Boat Winter fishing on High Rock Lake

    An astute angler finds schools of forage fish, knowing that bass, stripers, and other predators are not far away. As the saying goes, “Find the bait, and you will catch the fish.” Primary baitfish are shad, which prefer warm shallow waters and attract largemouth bass. Knowing that, anglers search out the water depth and temperature preferred by the baits of their target species. Once located, they fish the area thoroughly.


    In winter, water temperature is one force that drives bait and predator fish from one place to another. Warmer is usually better, and extreme cold can change the dynamics of fishing. “If the water temperature drops below 40 degrees, stay home,” he said. “The fish won’t bite.”

    By the end of December, Edwards will spend most of his time in Flat Swamp, Abbotts, and Crane creeks. “The best areas are Flat Swamp and Abbotts,” he said. “I don’t go into Crane Creek unless it gets really cold.” Edwards said the winter months are excellent for catching big stripers, which run from 10 to 15 pounds. Because stripers prefer 55-degree water, winter is the top time to pursue them at High Rock Lake. They usually don’t grow to trophy sizes, but even medium-size fish can put a significant bend in a rod,” Edwards said. “Anything 10 pounds or better is a real good striper. Twenty-pounders aren’t unheard of but aren’t a normal thing.”

    “Good striper fishing usually begins at High Rock in December, but it may crank up in late November if it’s cold enough,” said Edwards. “I look for circling and diving gulls or birds sitting on the water. “It’s not a bad idea to go where birds are sitting on the water. I’d definitely go to such a place if I couldn’t find any flying. In either case, they’re looking for bait.”

    Aerial View High Rock Lake

    In January, when water temperatures at or near freezing, hordes of shad are trapped in the shallows. Eventually, they are stressed, die, and are eaten by bass, perch, and stripers. Anglers tried to snatch stripers from under sea birds that were feeding on the dying shad, but mostly they’ll catch catfish.


    Edwards laughs when he hears anglers complain when Cube Hydro/Eagle Creek Renewable Energy drops High Rock’s level in winter since it operates as a hydroelectric plant.

    “The winter drawdown used to be 15 feet, but the last three or four years they haven’t dropped it significantly,” he said. “Some people fuss and cuss, but, hey, it’s like this — when the lake goes down, the stripers have fewer places to hide. The less water you must cover, the better chance to catch fish. If the water is up, (stripers) will go into the creeks and stay there because that’s where the baitfish will be.”

    Winter lake level drawdown is good for spring/summer fishing too. It allows the banks to create new life forms which sustains our fish, such as bugs, worms, and grass. So, when the water level is back up in the summer it’s a like a sushi bar for the fish.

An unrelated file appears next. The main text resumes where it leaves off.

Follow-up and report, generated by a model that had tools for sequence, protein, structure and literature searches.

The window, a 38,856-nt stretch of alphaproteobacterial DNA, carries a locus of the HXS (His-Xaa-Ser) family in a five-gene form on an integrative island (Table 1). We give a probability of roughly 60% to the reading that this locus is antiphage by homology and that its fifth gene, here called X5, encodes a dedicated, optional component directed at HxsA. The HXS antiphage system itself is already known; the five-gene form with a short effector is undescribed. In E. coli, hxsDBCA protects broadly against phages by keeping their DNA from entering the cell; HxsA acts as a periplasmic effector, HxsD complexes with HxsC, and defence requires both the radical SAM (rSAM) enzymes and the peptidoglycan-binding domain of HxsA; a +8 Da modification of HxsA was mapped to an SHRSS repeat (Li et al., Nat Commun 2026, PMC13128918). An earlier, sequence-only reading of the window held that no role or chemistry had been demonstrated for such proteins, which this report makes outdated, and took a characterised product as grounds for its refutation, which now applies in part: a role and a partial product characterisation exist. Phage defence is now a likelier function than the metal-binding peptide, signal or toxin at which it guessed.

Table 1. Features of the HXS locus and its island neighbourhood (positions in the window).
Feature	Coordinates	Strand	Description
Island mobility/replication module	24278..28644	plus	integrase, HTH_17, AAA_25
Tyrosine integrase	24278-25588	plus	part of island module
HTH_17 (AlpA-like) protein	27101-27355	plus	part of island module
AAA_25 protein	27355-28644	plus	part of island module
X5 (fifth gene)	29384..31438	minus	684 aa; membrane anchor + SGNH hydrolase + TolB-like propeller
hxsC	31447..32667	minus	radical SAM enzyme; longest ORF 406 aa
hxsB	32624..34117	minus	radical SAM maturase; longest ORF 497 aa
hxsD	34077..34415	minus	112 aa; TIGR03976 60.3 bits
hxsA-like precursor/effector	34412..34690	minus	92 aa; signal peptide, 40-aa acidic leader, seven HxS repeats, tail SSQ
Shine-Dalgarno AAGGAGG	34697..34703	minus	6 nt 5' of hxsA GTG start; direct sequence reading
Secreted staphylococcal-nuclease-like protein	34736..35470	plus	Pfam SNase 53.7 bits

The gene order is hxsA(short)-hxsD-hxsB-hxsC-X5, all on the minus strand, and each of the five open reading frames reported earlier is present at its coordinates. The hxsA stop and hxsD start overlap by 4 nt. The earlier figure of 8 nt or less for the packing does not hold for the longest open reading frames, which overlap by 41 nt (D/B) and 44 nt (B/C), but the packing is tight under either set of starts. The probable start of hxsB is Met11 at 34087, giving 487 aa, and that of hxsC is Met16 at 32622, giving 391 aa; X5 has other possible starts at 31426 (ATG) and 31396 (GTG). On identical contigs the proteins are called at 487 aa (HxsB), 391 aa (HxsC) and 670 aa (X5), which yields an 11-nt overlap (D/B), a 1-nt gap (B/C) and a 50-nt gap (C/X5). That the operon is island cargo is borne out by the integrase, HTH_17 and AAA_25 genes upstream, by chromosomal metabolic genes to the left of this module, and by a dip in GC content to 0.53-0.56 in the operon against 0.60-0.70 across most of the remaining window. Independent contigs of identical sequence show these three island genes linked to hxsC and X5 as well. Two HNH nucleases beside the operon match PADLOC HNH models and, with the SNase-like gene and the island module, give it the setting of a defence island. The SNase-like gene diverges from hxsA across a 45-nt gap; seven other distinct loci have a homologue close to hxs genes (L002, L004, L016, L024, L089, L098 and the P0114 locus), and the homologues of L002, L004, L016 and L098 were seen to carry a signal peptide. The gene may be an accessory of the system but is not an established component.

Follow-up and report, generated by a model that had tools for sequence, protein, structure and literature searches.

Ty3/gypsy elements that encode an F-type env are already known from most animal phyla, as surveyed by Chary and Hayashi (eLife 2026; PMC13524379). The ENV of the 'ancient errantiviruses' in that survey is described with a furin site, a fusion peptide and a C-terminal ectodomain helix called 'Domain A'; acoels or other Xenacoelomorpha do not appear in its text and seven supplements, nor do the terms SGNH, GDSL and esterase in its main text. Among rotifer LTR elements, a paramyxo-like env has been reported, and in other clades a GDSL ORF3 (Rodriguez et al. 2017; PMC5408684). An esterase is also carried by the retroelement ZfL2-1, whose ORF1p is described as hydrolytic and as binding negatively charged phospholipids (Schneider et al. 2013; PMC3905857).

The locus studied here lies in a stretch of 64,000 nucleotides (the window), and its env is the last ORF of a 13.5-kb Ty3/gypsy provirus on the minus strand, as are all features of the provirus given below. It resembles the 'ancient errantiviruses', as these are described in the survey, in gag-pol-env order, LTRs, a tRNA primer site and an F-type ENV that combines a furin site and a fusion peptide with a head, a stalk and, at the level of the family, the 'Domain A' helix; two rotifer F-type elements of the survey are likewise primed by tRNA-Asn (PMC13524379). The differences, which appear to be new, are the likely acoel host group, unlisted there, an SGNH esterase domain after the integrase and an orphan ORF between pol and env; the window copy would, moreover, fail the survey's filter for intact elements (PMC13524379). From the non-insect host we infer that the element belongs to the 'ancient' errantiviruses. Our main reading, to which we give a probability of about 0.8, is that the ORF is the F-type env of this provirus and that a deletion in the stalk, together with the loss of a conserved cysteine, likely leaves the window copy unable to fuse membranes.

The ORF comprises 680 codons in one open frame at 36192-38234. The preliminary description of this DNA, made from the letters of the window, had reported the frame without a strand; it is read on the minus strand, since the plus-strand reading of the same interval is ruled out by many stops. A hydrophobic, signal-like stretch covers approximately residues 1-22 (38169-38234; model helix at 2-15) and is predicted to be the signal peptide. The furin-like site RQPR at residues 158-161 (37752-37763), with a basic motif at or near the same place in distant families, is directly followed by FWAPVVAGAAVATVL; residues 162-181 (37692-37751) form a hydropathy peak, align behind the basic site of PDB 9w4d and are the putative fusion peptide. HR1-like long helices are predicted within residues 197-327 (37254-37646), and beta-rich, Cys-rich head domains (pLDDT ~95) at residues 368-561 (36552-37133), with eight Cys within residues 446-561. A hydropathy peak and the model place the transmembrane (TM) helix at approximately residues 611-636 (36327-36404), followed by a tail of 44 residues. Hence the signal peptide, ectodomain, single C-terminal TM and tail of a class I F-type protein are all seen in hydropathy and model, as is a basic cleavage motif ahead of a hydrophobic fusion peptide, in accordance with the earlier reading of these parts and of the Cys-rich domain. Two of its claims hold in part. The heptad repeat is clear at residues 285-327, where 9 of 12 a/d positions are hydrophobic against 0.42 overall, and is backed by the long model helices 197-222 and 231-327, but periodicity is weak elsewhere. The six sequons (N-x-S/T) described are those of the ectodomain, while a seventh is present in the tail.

“The fall bite wasn’t great. We had more than our share of rain from hurricanes which keeps High Rock Lake with higher water than normal.”


    Catfish Cove at High Rock Lake

    Catfish Cove at High Rock Lake

    Once he settles on an area that looks promising, Edwards uses a technique he calls “strolling” — slow-trolling baits and lures.
    “I’d rather have live bait that time of year,” he said. “Once I get in an area with baitfish, I want to put my baits under baitfish schools on the surface.”

    When he “strolls” for striped bass, Edwards wants to cover a wide swath of water. His terminal tackle includes Waterbugz planer boards and rigs built with a 1/8-ounce weight in front of a swivel, three feet of leader and a 3/0 to 4/0 circle hook. He’ll put out two or three rods with planer boards.

    “I’ll put out 30 feet of line then add a planer board to send it out (to the side),” Edwards said. “The weight is just enough to keep the bait under the surface. The (baitfish) will find his own depth with (the boat) only moving at .08 – 1 MPH.

    “I also put out two float (surface) rods out the back with ready-release floats, then I’ll use some down lines,” he said. “I like this arrangement because if you want to stop you can. You can’t do that with artificial lures (that sink to the bottom).”

    Edwards’ float rods use the same terminal tackle — except for 2- to 3-ounce lead weights.

    “I set one to run eight feet deep and one to run 12 feet deep,” he said. Edwards puts floats on the line with slip knots so he’s always sure the depths his lures are running. “I’ll let one out 50 feet behind the boat and another 75 to 100 feet back,” he said. He’ll also places a down rod at each corner of his boat.